Last year, the supply-chain crisis almost canceled Christmas...
Labor shortages and COVID-19 shutdowns brought global shipping to a standstill. Delays lasted well into the holiday season. And the snarl left container ships stuck in ports... loaded with fake trees, "ugly sweaters," and toys.
Many analysts predicted shelves would be empty by Christmas. But a round-the-clock effort by FedEx, UPS, Wal-Mart, Target, trade and labor unions, and the president himself helped save the holiday.
It took an all-star logistics team to keep Christmas 2021 on schedule. And even then, folks were urged to get their shopping done early.
This year, it will be much simpler...
Right now, two major indicators suggest that the supply-chain crisis is easing. That's great news for holiday shipping – and for consumer prices in general.
Let me explain...
Industry circles had a name for the supply-chain meltdown of 2021. They called it "Containergeddon."
Containergeddon was a freight logjam of massive proportions. Too many ships clogged U.S. harbors. Too few dockworkers struggled to keep up. Turnaround times slowed... And shipping prices soared.
The Baltic Dry Index illustrates the carnage...
This index comes from the Baltic Exchange, a London-based organization concerned with ocean freight. The Exchange surveys shipyards about cargo on various routes. It examines price levels and transit times. Then, it converts the data into a daily number.
Put simply, the index is a broad benchmark for the price of bulk shipping.
The Baltic Dry Index skyrocketed during Containergeddon... It soared 311% from January 2021 to its high last October.
Today, though, it looks like the bottleneck is over. Take a look...
The Baltic Dry Index has fallen 72% in about a year. That means shipping is much more affordable... so retailers won't face the challenges of last winter again. This year's holiday items will be much easier to get.
What's more, many retailers already have the goods...
Every month, the U.S. Census Bureau conducts a supply survey of its own. It asks a broad sampling of U.S. retail companies to report on their sales and inventory data. Then it crunches their answers into a dollar amount. This number reflects the total value of U.S. retail inventory in America.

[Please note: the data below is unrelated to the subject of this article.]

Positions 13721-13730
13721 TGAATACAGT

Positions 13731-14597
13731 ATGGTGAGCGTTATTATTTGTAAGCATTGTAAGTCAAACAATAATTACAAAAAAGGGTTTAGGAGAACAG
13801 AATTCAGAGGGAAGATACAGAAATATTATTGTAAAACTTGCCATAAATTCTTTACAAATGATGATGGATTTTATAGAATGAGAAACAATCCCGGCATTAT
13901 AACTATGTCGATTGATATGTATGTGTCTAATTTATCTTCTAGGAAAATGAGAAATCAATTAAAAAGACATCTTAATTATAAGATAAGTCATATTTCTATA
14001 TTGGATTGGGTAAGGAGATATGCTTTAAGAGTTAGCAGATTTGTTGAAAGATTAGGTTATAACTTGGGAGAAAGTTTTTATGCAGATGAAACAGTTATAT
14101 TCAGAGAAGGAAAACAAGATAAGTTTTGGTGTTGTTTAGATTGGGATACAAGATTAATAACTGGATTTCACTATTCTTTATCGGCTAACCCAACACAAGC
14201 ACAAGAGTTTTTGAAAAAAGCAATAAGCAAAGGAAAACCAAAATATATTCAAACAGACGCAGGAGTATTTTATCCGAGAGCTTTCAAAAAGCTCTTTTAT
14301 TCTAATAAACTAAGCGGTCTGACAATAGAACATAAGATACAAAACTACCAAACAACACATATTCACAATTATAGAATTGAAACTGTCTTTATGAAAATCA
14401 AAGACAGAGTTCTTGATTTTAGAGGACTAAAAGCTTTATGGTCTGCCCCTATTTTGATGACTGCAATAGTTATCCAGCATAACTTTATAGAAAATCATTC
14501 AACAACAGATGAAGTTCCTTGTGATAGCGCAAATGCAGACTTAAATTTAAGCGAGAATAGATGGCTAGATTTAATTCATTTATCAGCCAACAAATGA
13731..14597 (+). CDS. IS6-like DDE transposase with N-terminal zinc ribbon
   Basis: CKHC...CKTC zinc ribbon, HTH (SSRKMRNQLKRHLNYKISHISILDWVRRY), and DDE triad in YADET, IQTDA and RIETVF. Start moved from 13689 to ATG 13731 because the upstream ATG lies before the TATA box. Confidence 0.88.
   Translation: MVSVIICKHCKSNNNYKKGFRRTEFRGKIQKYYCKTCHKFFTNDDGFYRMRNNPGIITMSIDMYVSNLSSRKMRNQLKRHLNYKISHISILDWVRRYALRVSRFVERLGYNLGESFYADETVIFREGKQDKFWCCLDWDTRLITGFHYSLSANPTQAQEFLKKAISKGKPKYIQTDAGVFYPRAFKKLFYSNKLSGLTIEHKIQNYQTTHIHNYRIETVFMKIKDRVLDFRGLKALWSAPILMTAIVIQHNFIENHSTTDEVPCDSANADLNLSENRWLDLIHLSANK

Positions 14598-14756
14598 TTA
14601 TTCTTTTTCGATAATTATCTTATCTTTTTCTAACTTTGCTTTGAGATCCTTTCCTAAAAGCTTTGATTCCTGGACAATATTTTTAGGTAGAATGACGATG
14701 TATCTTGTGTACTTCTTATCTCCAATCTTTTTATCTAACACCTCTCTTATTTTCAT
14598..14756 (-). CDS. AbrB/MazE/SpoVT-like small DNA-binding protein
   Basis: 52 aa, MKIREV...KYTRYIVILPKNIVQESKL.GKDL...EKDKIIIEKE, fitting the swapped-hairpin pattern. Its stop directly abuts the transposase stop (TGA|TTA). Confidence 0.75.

In the last two years, consumers took a huge bite out of retail inventories. But today, supply has never been higher. Check it out...
U.S. retailers prepared for the same crunch we saw last holiday season. But after a year of surplus ordering... that crunch didn't happen.
Now, retailers are facing a glut. That's a big change for the national supply picture.
Unlike last year, stores won't be scrambling to keep items in stock. They'll be flush with inventory. This supply will likely outweigh demand. If anything, the scramble this year will be to get items off the shelves... and the pressure will mount as the "season of giving" gets closer.
Expect big price reductions on durable goods like clothes, hardware, and electronics as the year continues. As we get further into winter, the discounts should get bigger and better...
That means a happy holiday for last-minute bargain-hunters. And it could help ease the brutal price increases we've faced all year.
Sean Michael Cummings
"As the world moves on from pandemic restrictions, demand has been soaring," Joel Litman says. The Federal Reserve is trying to slow down this pent-up demand to combat inflation. But those actions will have consequences for the economy... Get the full story here.
"Consumer sentiment can be a contrarian indicator," Brett Eversole writes. While demand is holding strong for now, consumers are worried about high prices today. But for investors, this could be a sign that a buying opportunity is coming... Learn more here.
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